1. I agree, Jill, I have found this too – thinking ahead, trying to control what is about to happen and learning what complications it presents, both for myself and everyone else involved. I’m learning big time to simply let go and let everything constellate, allowing for the bigger plan that we are all part of to proceed in its designated time.

  52. One of the big markers of exhaustion for me has been sleep. I used to drag myself into bed when I simply couldn’t stay up and awake anymore and then sleep was more of a crash than something rejuvenating for my body. Then I would wake up tired the next morning and start the day again – with food and drink to perk me up and then keep me going. It has been a revelation to me in recent years to work with my body’s innate rhythm, eating less, dropping foods which actually make it work harder and going to bed before I am tired. Hey presto, I have more energy for my daily activities and enjoy getting up early to start the day with plenty of time to get ready for work – or whatever I am doing. Tuning into and working with the wisdom of the body has proved to be a great thing to do.

    1. When we eat certain foods, especially at night, we do not feel the exhaustion and can stay up way later than our body actually needs. As you say, Richard, going to bed before we feel tired means we can wake up earlier and have the energy to get so much more done.

  53. It is incredible that choosing to be present with what you feel has allowed you to be able to hear what your body is telling you … and guide you in developing your awareness rather than reducing it through what you eat. The power we possess is remarkable.

    1. I agree Samantha, isn’t it extraordinary, and slightly baffling, that we don’t choose presence when it comes to what we eat. Well, I certainly didn’t have this as my ‘normal’. I am starting to choose that now but am intrigued at how hard it is to remember – why oh why is presence not my norm???! and how or how did that end up in my mouth ???!!! Always great learning!

  54. Sugar, alcohol and all these other stimulants constantly masked how we truly feel, especially the exhaustion that is rampant in our society – this is not a good thing as we just cover up the ills instead of learning to look at the root cause and change it there.

  55. I have been trying to work out how I can find myself eating something sweet when I have made a resolve not to eat it! The body is the smartest part of me, it is blunt, consistent and sensitive. My brain on the other hand is easily influenced, highly manipulative and incredibly persuasive. Your blog brings a deeper understanding to why the brain has such influence and what it is I am working so hard not to feel.

    1. The less tired I am, the less I crave sugar and carbohydrates. I’m enjoying the sweetness of vegetables because I can taste them now sugar and salt is eliminated from my diet. And I’m enjoying feeling more. I can still dull myself with the amount I eat but that is slowly changing.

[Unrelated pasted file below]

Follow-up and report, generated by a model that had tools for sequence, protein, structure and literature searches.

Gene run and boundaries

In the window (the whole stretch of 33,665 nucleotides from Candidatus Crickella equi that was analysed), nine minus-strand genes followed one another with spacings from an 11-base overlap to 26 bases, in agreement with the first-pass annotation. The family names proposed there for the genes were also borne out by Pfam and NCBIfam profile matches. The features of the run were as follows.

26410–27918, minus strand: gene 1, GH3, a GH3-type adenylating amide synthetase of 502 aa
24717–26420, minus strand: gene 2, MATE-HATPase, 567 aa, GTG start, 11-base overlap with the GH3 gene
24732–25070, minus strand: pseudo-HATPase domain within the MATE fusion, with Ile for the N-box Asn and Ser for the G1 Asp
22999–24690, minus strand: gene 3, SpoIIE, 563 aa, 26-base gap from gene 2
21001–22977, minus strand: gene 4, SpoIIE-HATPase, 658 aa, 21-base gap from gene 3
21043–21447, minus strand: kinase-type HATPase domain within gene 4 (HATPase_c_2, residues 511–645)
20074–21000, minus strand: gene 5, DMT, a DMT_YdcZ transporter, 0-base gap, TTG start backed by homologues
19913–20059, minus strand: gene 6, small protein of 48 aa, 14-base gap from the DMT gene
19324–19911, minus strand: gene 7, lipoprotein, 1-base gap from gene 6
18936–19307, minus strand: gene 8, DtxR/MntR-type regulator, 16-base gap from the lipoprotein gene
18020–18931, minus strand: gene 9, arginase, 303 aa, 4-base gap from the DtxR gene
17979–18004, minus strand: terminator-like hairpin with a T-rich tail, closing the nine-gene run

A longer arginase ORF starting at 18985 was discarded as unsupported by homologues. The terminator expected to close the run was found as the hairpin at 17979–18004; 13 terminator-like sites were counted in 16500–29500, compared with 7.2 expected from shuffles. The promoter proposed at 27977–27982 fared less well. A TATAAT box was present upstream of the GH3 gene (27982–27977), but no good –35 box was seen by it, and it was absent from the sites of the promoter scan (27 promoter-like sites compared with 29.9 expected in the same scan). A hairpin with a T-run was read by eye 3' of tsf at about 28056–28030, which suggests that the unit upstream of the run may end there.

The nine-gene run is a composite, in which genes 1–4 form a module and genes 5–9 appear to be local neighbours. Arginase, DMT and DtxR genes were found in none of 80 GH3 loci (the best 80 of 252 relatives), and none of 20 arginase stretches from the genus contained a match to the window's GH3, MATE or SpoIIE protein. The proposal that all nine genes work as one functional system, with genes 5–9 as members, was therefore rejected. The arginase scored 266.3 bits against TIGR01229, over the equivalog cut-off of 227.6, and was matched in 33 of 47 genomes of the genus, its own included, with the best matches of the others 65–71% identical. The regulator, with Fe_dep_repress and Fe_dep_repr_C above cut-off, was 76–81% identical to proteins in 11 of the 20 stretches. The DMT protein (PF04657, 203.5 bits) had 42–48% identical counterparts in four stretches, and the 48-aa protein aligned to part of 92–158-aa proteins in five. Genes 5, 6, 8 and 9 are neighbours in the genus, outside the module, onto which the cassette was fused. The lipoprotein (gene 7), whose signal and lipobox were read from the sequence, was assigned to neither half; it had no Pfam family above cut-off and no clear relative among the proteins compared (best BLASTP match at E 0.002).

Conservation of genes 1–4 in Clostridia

1. It is so true Carmel. It takes time and understanding. Eliminating sugar and salt really brings back our choice – to dull or not to dull, that is our question when confronted with the choice to indulge or not!

      2. Fantastic Carmel – thank you for the update. Presence presence presence – Imagine if it were as popular as a cup of coffee – what a different world we would have.

      3. The more I build this connection with my body, the more I want to sustain it, and not do things that drop my awareness and what I can feel. Of course there are many times when I definitely don’t want to feel what’s going on around me. But as my connection to my body, and the feeling of steadiness that comes with that, increases, I don’t react to feeling whatever is going on around me, as much.

  56. Thanks Carmel, I could relate to your three points, you have inspired me to become more aware of these things through my day and how I am spending my body’s energy.

  57. I’ve recently been recuperating from a major surgical procedure and even though I am resting plenty, I still feel tired. I appreciate that my body’s recovery means I will naturally feel tired, but there’s more than that – I am still thinking and not always being present with where I am. On days where I am present more often, I feel great!

  58. So many people live their days using sugar and caffeine to prop them up, but have no concept that there is something not right in this reality. But I ask why is this? Is it too long ago to remember being a child and not drinking coffee, more to the point, not needing coffee to give us an energy boost. Is it that long ago that we don’t remember the feeling of vitality and simpleness in our lives? I felt this many years ago and stopped drinking tea at the time. A choice I have never regretted.

  59. I love this Carmel – I’ve just been through a period where I began to drink coffee after not drinking it for the past 4 years or so all because I have allowed myself to reach a place of complete and utter exhaustion. Your blog reminds me that there is always a reason I am so tired and that I don’t need to judge myself. I can simply provide myself with loving support as I find my way to a place where I can live without exhaustion.